Green Tea: May Help Your Waistline A Little

green tea

Health risks for patients suffering from diabetes and heart diseases increase if the patients are overweight. Chemicals in green tea, along with caffeine, are thought to burn fat and reduce weight. They also improve body measurement parameters like body mass index, waist circumference and waist-to-hip ratio. This systematic review of previous research trials had conflicting results; it found that though green tea intake reduces weight, the effects are modest. The present data do not imply that green tea alone can change all body measurements.

The obesity epidemic and its associated health risks have prompted researchers to look for various natural substances that can control weight. People who consume tea habitually have been found to have a lesser percentage of body fat and waist circumference than those who do not drink tea. Ninety percent of habitual tea drinkers in one study drank green tea, which naturally has caffeine. This suggested that catechins and other chemicals in green tea might play a part in weight loss. It is believed that catechins in green tea facilitate weight reduction by increasing energy expenditure and the burning of fat. “Because of caffeine’s independent effects, the combination of GTC’s with caffeine may be able to provide additive, or even synergistic benefit, over GTCs alone.” But it is not known how significant this effect is. The present study reviewed various published papers on the subject.

* This is a review of previously published research that consists of an analysis of results from different studies.
* Previous papers available on Internet databases like MEDLINE, EMBASE and the Natural Medicines Comprehensive Database were searched for studies mentioning green tea, body weight, metabolic syndrome, and obesity.
* A total of 15 studies involving 1,243 patients were found.
* The average duration of studies was between 8 and 24 weeks. Green tea was consumed either as tea extract capsules or green tea beverages.
* Some studies used caffeine in the control group; some did not use caffeine as a control.


* Drinking green tea along with caffeine reduced body mass index (BMI) by 0.58, as compared to the BMI of those in the control group.
* Drinking green tea along with caffeine lowered body weight by around 3.4 lbs., as compared to the weight of those in the control group.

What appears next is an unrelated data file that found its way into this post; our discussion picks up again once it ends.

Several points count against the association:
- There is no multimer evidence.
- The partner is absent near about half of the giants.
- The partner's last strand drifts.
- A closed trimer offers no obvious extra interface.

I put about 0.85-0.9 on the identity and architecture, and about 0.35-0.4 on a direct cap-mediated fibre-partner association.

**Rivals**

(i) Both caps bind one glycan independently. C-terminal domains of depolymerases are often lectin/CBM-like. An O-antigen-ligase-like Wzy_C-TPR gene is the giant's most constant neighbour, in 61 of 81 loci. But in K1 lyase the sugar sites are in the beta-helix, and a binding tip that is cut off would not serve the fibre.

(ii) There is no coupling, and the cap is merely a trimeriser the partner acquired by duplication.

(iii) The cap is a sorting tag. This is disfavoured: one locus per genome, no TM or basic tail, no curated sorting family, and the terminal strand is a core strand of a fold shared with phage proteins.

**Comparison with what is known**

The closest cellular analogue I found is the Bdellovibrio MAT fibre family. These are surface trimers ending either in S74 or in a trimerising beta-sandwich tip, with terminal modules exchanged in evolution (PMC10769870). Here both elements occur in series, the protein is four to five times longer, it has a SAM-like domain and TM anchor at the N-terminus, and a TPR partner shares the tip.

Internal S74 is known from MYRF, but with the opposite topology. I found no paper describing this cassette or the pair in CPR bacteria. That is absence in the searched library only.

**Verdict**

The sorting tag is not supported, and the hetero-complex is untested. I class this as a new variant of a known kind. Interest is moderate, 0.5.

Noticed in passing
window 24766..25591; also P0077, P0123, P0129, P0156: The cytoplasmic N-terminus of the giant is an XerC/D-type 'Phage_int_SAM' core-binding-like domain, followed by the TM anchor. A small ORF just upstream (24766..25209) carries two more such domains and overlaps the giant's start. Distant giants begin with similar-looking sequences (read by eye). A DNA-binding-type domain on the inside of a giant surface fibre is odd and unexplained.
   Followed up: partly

* Waist circumference decreased in people drinking green tea, but the effect was not significant. The waist-to-hip ratio did not change significantly.

Next steps/Shortcomings
The studies targeted populations including healthy adults, adults with disease and children. It is challenging to determine which group would benefit most by drinking green tea. Also, the dose ranged from 583 to 714 mg/day. Though there were no side effects of green tea consumption reported in these papers, a few other studies reported liver toxicity related to green tea consumption. More research on dose range and safety aspects is needed.

This review of 15 previous studies indicates that drinking green tea might be beneficial to overweight patients. This study chose to look at the effects of green tea on parameters like BMI, waist circumference, body weight and waist-to-hip ratio, because these are used as significant diagnostic markers. They help identify overweight and obesity, and are also considered “independent risk factors for cardiovascular disease and diabetes.” The study shows that drinking green tea leads to weight loss and reduction in waist circumference. However, the extent of the effect seems small and might not be clinically relevant to patients. Further research is required before accepting green tea as a dietary therapy for health management in overweight patients.

For More Information:
Effect of Green Tea Catechins with or Without Caffeine on Anthropometric Measures: A Systematic Review and Meta-Analysis
Publication Journal: The American Journal of Clinical Nutrition, 2010
By Olivia J. Phung; William L. Baker; University of Connecticut School of Pharmacy, Storrs, Connecticut, and the Department of Drug Information at Hartford Hospital, Hartford, Connecticut

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